I love working with stripes and directional prints because I can use the lines of the directional prints to place my hexagons on the back of the fabric and then cut them out. Stripes are far and away the easiest print to work with when fussy cutting.
Consider this pair of blocks from my quilt Birds in the Loft. I used a simple brown and blue stripe fabric to make these blocks. I made sure that the top and bottom corners of the hexagon were lined up on the outer edge of a blue stripe. As you may know I like to glue tack my paper hexagons to my fabric. The cheaper the glue the better and do make sure it is a fabric safe glue. By tacking the papers in this way I can cut out my fabric hexagons with scissors and I don't have to worry about pins. So, stars radiating out are fun and interesting.
But I am particularly fond of stripes that go around the centre hexagon. The cutting isn't perfect but I'm not worried about that because in a quilt with almost two hundred hexagon rosettes little imperfections disappear!
Sometimes you just don't have enough fabric to make a rosette. I had enough fabric to cut nine hexagons so I sewed six together to make the top rosette and I added three hexagons made with a similar fabric to create the second rosette.
Here is another example of making do with what you have. I had enough fabric to fussy cut three flowers and I used a stripe fabric for the other three.
This same principle of mixing fabrics has some added benefits. If your fussy cuts aren't exact the differences will show up when the blocks are sewn together because the designs won't match up. Using two fabrics instead of a single fabric will help disguise less than perfect fussy cuts!
This rosette is good. It needs another round of hexagons (12 this time) and the idea of fussy cutting 12 hexagons from a single fabric wasn't appealing to me. Also bear in mind that if you add a round fussy cut from the same fabric you will have to adjust how you fussy cut. I wrote about this here. Six hexagons will have a flat edge touching the centre rosette and the other six with have a point edge touching the centre rosette and this affects how you cut the fabric.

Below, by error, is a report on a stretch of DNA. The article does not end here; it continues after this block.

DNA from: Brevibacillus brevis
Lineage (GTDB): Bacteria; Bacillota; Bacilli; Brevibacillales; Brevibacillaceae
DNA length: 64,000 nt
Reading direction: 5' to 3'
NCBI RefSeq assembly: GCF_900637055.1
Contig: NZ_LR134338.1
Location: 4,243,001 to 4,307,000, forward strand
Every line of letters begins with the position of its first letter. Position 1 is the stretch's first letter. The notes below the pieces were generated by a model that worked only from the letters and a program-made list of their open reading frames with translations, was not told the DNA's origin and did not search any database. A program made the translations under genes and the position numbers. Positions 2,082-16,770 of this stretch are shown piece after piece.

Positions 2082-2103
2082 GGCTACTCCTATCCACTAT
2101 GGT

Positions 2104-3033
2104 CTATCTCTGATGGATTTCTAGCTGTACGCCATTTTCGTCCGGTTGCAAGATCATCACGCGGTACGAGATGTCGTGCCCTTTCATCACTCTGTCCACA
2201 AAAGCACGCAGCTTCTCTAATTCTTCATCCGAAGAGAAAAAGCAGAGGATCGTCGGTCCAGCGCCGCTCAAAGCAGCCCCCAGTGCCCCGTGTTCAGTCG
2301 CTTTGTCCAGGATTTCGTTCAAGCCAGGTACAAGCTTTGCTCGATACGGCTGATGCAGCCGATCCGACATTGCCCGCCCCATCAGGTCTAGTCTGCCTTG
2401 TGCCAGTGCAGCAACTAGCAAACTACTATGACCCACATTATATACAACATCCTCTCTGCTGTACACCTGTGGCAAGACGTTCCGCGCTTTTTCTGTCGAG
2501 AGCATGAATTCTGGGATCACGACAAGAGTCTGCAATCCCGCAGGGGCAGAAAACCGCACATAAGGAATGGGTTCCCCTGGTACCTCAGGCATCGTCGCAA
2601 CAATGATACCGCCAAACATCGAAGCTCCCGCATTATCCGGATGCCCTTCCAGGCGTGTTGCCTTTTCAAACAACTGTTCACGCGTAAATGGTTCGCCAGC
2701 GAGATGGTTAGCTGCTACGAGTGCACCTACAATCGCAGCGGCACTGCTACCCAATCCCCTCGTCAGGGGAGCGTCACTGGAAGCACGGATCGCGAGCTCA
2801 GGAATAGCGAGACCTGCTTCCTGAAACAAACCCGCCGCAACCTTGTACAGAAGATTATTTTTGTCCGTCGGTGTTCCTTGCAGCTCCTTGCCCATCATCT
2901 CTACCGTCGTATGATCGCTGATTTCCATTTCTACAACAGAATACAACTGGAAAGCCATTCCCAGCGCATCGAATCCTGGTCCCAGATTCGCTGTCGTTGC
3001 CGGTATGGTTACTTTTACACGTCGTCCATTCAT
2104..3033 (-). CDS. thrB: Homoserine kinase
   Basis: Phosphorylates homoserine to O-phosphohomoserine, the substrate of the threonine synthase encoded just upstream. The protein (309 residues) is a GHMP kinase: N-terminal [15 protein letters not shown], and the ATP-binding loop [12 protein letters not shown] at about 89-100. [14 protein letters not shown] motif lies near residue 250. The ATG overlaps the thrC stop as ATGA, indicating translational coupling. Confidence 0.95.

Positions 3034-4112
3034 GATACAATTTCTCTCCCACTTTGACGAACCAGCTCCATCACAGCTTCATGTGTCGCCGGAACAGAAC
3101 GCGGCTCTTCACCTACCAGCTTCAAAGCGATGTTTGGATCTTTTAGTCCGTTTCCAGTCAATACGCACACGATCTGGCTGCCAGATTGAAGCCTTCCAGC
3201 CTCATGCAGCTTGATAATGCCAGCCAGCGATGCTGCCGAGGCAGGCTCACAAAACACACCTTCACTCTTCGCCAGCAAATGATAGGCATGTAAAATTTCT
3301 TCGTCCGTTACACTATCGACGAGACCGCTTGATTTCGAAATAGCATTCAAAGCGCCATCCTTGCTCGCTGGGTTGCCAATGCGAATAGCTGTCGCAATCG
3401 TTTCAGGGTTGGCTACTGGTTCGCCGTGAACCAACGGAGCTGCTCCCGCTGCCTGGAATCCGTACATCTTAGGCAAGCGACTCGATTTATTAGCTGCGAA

So what I did was mix it up; I cut six from a stripe fabric and I used six from made fabric and I made my open donut. You can see the circle isn't closed (inside the green oval) and this makes adding this round to the middle rosette so much easier. You can see how I add the open donut to the middle rosette here. Not only does mixing up the hexagons simplify the process of making the round but I don't have to worry about exact matches because the hexagons are separated by the alternating hexagons.
This can add an extra design element to the block when in fact the intent of using two fabrics or two different fussy cuts was to either disguise imperfect cutting or to eliminate the need to cut 12 hexagons from a single fabric. This is what the block looks like when it is all put together. It is the centrepiece of one of my workshop samples.
Time for me to get cutting. I hope you find some time to take a few stitches today. Until I post again, happy sewing!